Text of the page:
Local metalworkers gift ‘Wings of Hope’ for Special Olympics
Athletes in attendance at the 30th Annual Special Olympics Track and Field competition on May 13 were treated to a pleasant surprise at Jay Stadium in the form of a hand-crafted steel dragon standing seven feet tall, with a wingspan of nine feet.
Coined “The Wings of Hope,” the statue was created and donated courtesy of Scott, Tracy and William Fillmore of Fillmore Creations of Merrill. According to Scott, the roots of the project began over a year ago when local Special Olympics volunteer Brad Becker stopped in to his shop on West Main Street.
“Brad came to us and wanted to do something special for Special Olympics,” Scott explains. “He had an idea for a steel or metal dragon head to light the torch at the Olympics. It just so happened I had an idea for a dragon head I had already been working out, so I ran that idea past Brad and he said go for it.
“At the time I was pretty busy here at the shop so I told my dad William about it. He went to work right away designing the dragon’s skeleton this past March. He delivered it to the shop in April and we finished about a week before the Special Olympics competition. On the day of the event, I presented the statue to the Special Olympics organization.”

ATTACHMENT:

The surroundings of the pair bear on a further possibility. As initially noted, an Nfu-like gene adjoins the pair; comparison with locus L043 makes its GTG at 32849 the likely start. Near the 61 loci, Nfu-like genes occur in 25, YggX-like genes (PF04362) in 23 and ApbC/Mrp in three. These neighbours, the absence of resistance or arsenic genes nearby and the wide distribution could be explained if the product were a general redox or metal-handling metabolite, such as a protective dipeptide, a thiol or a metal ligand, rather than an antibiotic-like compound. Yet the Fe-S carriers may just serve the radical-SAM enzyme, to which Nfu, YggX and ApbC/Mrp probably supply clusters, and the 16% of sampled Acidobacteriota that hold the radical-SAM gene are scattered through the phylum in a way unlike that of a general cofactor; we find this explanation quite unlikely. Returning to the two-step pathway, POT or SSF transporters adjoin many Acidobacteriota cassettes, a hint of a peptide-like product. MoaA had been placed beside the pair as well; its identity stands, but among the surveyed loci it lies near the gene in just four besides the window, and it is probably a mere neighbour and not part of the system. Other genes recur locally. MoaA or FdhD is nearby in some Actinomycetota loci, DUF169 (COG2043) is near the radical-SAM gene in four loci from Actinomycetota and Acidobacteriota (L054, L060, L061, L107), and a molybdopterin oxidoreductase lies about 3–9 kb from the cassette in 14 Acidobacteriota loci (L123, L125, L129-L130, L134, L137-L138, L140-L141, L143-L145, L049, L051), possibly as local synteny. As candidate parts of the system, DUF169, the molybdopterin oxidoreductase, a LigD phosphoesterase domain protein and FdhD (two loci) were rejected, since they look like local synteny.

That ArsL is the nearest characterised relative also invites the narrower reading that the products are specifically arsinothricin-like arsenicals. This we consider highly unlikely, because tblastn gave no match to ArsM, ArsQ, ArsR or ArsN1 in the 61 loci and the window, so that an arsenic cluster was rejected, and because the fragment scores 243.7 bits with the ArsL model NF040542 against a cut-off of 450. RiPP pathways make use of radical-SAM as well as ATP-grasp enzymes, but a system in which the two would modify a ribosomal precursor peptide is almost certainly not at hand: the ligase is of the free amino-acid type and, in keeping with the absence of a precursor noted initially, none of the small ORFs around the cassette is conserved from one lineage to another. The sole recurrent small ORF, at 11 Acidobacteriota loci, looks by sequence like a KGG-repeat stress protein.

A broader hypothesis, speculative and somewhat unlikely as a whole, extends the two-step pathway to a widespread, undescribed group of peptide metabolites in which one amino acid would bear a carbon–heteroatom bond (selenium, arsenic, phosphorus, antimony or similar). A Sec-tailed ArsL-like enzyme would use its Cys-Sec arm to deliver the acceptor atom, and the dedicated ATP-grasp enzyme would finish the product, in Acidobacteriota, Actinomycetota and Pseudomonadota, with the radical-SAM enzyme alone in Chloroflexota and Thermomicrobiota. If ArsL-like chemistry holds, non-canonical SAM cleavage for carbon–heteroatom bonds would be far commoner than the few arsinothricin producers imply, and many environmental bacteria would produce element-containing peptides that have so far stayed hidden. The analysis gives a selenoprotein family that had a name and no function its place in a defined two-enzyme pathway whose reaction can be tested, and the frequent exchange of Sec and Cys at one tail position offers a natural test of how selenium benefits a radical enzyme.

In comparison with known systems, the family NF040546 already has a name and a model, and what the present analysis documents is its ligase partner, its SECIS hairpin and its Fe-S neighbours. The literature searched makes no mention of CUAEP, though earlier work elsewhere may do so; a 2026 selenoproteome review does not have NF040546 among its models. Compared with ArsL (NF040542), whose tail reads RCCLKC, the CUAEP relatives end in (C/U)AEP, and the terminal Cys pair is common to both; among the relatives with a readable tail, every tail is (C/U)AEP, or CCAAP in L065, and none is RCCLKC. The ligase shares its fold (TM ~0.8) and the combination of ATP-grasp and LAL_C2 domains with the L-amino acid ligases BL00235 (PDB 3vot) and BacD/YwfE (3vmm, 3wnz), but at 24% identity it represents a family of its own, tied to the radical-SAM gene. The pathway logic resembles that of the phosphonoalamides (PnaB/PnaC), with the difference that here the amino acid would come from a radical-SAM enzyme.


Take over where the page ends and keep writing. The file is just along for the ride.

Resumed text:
Scott’s son Jeffery also had a hand in the creation of “Wings of Hope” as he selected the words to be stenciled on the statue’s wings. As Scott’s wife Tracy adds, the trio planned to donate the statue from the very beginning, but decided to not tell Becker.
“We wanted to present it as a gift for the kids all along, but we let Brad think we were going to sell it to the organization,” she adds with a grin. “So he set about raising money for it. When he told us he had raised the funds, we told him to donate the funds to the kids of Special Olympics.”
“This was something we were excited about from the start,” Scott said. “But it really hit home for us on the day of the Special Olympics when after we had unveiled the statue and presented it to the organization, a young athlete and his father were walking by. As they passed by, the young man got a big smile on his face, pointed at the statute and said ‘Dad look! It’s our Wings of Hope!’
“That really meant a lot to hear that,” Scott adds with a smile. “To hear him refer to it as ‘our’ was great. That’s what we were hoping for – for the athletes to accept our gift and enjoy it.“
When asked of a cash value of the statue if it were to be sold, Scott just smiled and shook his head.
“It was a gift from the heart to a great organization and hard working athletes. You can’t put a cash value on that.”
The Filmores now plan to volunteer at future Special Olympics events and competitions as well as participate in the Law Enforcement Torch Run for Special Olympics in June.